• Major change in bureaucracy is about making it a ‘performance-based contractual service’. Also, one reaches the rank of joint secretary after a minimum service of 17 years. The reality is that now they are more driven by authority and administration and less by duty and development.
    • The biggest bane of bureaucracy is their job security. Let us give them job security, but for performers. And it is time to change and fix the accountability based on a transparent review process/system.
    • All officers of the rank of joint secretary and above must be put on a five-year contract, based on their performance review along with a performance-based financial incentive. So the best performers need not worry.
    • Also, PS to the union ministers should not be an IAS. PS to the minister is considered an important bureaucrat but he is a junior IAS. The PS to the minister should be in the special secretary rank.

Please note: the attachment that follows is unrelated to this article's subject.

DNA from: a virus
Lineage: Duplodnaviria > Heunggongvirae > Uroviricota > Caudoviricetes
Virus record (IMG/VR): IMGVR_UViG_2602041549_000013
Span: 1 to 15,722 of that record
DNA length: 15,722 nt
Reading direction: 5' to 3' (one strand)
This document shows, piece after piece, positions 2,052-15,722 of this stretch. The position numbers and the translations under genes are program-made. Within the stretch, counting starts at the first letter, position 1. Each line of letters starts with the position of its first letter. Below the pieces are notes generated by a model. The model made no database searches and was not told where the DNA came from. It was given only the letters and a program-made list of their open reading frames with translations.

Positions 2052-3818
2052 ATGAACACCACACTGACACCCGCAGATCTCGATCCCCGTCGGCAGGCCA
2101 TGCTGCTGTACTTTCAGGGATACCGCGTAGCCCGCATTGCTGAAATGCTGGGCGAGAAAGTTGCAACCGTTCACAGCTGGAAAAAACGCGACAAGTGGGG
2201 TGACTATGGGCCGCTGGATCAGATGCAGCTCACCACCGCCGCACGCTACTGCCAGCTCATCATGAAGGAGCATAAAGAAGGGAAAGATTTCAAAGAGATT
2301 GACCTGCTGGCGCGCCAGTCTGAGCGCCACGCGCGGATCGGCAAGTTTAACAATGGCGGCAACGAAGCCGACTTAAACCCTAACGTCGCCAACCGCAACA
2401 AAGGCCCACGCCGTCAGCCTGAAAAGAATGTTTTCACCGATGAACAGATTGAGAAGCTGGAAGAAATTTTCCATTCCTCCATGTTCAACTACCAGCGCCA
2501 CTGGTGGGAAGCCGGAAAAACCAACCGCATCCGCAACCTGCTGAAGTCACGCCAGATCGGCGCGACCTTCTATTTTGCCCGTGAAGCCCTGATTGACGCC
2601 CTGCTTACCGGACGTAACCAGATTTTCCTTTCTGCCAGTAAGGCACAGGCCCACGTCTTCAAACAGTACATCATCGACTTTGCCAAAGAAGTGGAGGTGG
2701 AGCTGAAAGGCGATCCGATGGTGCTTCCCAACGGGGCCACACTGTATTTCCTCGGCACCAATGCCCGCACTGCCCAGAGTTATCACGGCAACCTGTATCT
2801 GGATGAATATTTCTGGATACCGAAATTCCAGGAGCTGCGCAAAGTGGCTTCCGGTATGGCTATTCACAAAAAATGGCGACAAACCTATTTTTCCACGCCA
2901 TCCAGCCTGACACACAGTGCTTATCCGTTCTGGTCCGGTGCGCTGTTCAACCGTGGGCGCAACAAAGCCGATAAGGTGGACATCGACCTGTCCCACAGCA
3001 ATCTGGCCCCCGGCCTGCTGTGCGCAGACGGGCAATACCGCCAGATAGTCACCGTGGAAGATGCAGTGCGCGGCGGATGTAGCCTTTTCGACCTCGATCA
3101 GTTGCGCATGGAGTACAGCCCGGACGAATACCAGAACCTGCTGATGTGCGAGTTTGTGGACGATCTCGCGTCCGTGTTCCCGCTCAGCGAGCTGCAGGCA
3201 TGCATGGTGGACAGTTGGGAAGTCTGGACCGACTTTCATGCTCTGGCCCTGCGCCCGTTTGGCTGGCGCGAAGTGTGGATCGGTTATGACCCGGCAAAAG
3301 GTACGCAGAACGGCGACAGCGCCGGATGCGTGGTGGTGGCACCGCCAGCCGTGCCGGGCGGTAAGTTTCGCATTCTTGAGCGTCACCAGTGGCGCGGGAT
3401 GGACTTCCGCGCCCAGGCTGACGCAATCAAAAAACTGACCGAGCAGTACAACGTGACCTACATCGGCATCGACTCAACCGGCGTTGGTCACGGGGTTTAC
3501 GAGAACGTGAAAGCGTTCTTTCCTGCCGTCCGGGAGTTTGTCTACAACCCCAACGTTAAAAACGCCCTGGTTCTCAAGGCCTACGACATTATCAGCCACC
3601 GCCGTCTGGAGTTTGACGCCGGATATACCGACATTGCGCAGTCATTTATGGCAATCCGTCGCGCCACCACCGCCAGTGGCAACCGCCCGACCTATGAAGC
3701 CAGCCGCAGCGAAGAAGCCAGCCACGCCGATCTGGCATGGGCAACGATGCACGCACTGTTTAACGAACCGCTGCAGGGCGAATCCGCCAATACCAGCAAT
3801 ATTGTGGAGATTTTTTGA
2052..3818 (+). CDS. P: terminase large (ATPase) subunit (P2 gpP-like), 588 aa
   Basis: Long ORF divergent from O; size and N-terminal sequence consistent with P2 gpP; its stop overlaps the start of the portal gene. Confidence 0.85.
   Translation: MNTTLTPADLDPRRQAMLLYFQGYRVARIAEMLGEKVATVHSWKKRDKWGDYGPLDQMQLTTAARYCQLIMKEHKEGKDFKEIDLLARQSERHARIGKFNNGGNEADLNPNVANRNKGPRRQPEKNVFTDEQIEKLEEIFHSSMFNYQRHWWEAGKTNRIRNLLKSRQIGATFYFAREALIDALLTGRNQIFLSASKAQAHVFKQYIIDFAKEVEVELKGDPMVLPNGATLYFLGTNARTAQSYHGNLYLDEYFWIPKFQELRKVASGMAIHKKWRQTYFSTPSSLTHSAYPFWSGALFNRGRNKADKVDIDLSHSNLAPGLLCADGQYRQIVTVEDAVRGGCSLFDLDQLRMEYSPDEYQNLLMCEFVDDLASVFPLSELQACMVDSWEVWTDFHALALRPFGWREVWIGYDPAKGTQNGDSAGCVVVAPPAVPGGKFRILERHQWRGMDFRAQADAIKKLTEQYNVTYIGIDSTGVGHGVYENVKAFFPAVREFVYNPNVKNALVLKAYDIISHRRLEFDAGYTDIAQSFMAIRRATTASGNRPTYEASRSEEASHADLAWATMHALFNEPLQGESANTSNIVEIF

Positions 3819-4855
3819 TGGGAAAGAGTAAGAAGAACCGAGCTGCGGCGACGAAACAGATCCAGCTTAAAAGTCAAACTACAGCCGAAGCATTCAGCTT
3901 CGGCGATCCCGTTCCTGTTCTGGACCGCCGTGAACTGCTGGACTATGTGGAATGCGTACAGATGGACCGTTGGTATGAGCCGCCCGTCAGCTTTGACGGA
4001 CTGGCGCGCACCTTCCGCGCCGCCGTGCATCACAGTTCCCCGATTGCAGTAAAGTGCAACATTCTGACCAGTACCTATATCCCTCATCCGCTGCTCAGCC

• Files are taking months to move from one table to another. The e-Office/e-File concept must be implemented. No file should take more than three weeks and more than three levels. If there is a delay of more than a week, a note should be made on the file justifying the reasons for delay.


  • “We cannot march through the 21st century with the administrative systems of the 19th century.” We still have ‘collectors’, and this shows the bureaucracy is still in 19th century. The bureaucracy is still in the 19th century.” When Modi was thinking of the planning commission, he made a profound statement, “Sometime it is better to build a new house than to repair the old one.” Maybe, the same approach is needed for the ‘institution’ called bureaucracy. It needs to start soon and there should be a time-bound plan to implement it.
  • There is a big difference in how the minister and the common man are handled by the bureaucrats. So the first impression here should not be the last impression. Bureaucracy is slowly putting red tape to the red carpet!